Enhancing Genomic Medicine Particularly in Developing Countries: Priorities of Human Genome Organization, The (HUGO)'s New President, Dr. Ed Liu of Singapore
Published: Oct 03, 2007
Dr. Liu, who is the founding executive director of the Genome Institute of Singapore (GIS) that is part of Singapore’s Agency for Science, Technology and Research (A*STAR), describes the presidency of HUGO as “a great opportunity to make a difference in the world of genomic medicine, at a time when it is moving into clinical practice and into national policy.” He began his three-year term in May 2007.
“There are two areas I would like to have HUGO focus on during my tenure,” Dr. Liu added. “First is to explore and enhance the field of genomic medicine. This means using powerful genomic technologies in medical practice. That transition is not a simple one and will require much thought and wisdom.
“The second focus will be on enhancing genomic sciences in the emerging and developing countries of the world,” he said. “Genomic approaches to disease, pathogens, and the environment can help these countries advance.” One of the first initiatives on Dr. Liu’s agenda for HUGO is a formal study of the impact of genomic medicine on global health.
New HUGO headquarters at Biopolis, Singapore
HUGO, once described as the “United Nations of genome research” by the molecular biology pioneer Norton Zinger, Ph.D., will move its headquarters from London to Singapore. In Singapore, HUGO’s headquarters will be based at Biopolis, the campus of GIS and the other biomedical research institutes under A*STAR.
Elected to the three-year post by the unanimous vote of HUGO’s 18-member council, Dr. Liu continues to head GIS, where he integrated genomic sciences with cell and medical biology in order to accelerate the labs’ discoveries. In the GIS, he also heads a robust laboratory program in cancer genomics. Dr. Liu’s research is widely credited with markedly improving scientific understanding of the molecular biology of breast cancer and the potential therapeutic relevance of the mutations that have been detected in cancer-associated genes.
Dr. Liu also holds the post of executive director of the Singapore Cancer Syndicate. In this role, he leads an integrated effort to provide a robust and competitive translational platform for cancer research in Singapore, with the ultimate aim of improving healthcare and treatment therapies of cancer patients.
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More about GIS:
The Genome Institute of Singapore (GIS) is a member of the Agency for Science, Technology and Research (A*STAR). Established in 2001, the research institute’s mission is to be a world-class genomics institute and a centre for genomic discovery. GIS pursues the integration of technology, genetics and biology towards the goal of individualized medicine. The genomics infrastructure at GIS is utilized to train new scientific talent, to act as a bridge between academic and industrial research, and explore scientific questions of high impact.
More about Dr. Edison Liu:
In 2001, Dr. Liu gave up a high level scientific post at the National Cancer Institute (NCI) of the U.S. National Institutes of Health, to become a leader of science as well as a working researcher in Singapore.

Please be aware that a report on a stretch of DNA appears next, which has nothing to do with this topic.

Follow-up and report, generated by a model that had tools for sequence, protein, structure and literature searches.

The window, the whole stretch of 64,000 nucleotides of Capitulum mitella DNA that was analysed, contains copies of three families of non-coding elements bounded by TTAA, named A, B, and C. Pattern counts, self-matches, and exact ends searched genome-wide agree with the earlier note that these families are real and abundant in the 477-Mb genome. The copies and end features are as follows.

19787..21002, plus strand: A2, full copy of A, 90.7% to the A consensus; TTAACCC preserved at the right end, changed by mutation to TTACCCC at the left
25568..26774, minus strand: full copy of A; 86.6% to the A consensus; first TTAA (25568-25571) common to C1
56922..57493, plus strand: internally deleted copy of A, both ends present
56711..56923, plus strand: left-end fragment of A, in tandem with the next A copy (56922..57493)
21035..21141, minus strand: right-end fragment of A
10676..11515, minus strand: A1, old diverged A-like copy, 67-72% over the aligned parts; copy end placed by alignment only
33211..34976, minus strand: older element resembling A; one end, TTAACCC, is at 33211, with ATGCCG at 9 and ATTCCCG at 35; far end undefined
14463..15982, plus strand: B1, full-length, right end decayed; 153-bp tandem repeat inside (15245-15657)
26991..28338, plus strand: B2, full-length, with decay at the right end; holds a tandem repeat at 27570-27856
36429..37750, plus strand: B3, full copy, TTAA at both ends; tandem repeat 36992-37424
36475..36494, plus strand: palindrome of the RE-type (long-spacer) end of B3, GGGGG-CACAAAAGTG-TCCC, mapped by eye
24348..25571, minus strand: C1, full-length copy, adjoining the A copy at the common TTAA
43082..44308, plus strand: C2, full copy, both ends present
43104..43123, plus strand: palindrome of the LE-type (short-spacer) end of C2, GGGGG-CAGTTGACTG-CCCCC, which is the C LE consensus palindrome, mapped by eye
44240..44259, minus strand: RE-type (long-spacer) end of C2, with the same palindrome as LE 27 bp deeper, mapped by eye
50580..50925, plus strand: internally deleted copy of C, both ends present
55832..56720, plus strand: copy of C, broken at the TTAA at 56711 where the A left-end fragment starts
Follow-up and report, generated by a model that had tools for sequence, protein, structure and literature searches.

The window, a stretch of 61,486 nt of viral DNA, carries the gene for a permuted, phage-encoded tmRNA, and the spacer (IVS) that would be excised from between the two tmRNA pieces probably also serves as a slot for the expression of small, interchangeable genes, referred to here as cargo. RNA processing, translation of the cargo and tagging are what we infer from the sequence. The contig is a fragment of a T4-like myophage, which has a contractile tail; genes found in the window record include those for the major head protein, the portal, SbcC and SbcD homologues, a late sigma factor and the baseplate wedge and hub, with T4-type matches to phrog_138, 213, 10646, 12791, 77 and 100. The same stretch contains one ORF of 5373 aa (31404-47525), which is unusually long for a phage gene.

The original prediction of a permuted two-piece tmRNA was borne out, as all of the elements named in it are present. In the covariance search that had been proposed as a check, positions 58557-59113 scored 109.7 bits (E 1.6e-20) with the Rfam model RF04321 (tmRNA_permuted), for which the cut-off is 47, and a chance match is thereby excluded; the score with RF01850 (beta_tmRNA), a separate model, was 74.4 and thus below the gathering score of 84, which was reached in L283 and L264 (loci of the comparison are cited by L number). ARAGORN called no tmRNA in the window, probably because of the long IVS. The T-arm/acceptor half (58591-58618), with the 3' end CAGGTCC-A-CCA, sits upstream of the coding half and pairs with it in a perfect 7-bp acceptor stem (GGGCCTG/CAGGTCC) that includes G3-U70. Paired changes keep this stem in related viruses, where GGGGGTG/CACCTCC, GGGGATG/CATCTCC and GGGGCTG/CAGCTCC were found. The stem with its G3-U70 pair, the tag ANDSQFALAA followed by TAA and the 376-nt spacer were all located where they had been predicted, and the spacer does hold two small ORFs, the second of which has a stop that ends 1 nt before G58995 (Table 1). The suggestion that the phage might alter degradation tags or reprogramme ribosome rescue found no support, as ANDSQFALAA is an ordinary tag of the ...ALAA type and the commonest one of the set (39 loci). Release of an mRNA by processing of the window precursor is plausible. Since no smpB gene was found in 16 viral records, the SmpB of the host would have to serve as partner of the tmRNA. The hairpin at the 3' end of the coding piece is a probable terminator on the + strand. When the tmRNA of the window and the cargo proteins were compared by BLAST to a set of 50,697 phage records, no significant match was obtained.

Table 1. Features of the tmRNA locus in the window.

“Singapore is now perhaps the most exciting place in the world to do science,” said Dr. Liu, now a permanent resident of Singapore.
That year, he became the founding Executive Director of GIS and Professor of Medicine at the National University of Singapore. Dr. Liu has been a pioneer in using an integrated, investigative approach to decipher the biology of human breast cancers and to identify clinically useful biomarkers. His gene-discovery strategy has identified novel kinases, proteins that help regulate gene activity, and gene cassettes, or clusters, whose interactions maintain cancerous tissues. His recent research focuses on the activity, or expression, patterns of genes involved in human cancers and the signaling pathways that characterize cancer cells.
Born in Hong Kong, Dr. Liu immigrated to the United States in 1957. Subsequently at Stanford University, he was awarded the Bachelor’s degree in chemistry and psychology and the Phi Beta Kappa honour at graduation.
After receiving his M.D. degree from Stanford in 1978, he completed an internship and residency in internal medicine at Washington University, St. Louis, and clinical cancer fellowships at Stanford University and the University of California at San Francisco (UCSF).
After his post-doctoral studies as a Damon-Bunyan Cancer Research Fellow in the UCSF laboratory of Nobel laureate Dr. J. Michael Bishop, he joined the University of North Carolina School of Medicine at Chapel Hill. In 1996, he was recruited to the NCI where he was director of the Division of Clinical Sciences before joining Singapore’s A*STAR.
Among his many honours are the Brinker International Award from the Susan Komen Foundation, the Rosenthal Award from the American Association for Cancer Research (AACR), and the Doctor of Medical Science honoris causa from Queen's University Belfast.
More about HUGO
The Human Genome Organisation (HUGO) is the international organisation of scientists involved in human genetics. Established in 1989 by a collection of the world's leading human geneticists, the primary ethos of the Human Genome Organisation is to promote and sustain international collaboration in the field of human genetics.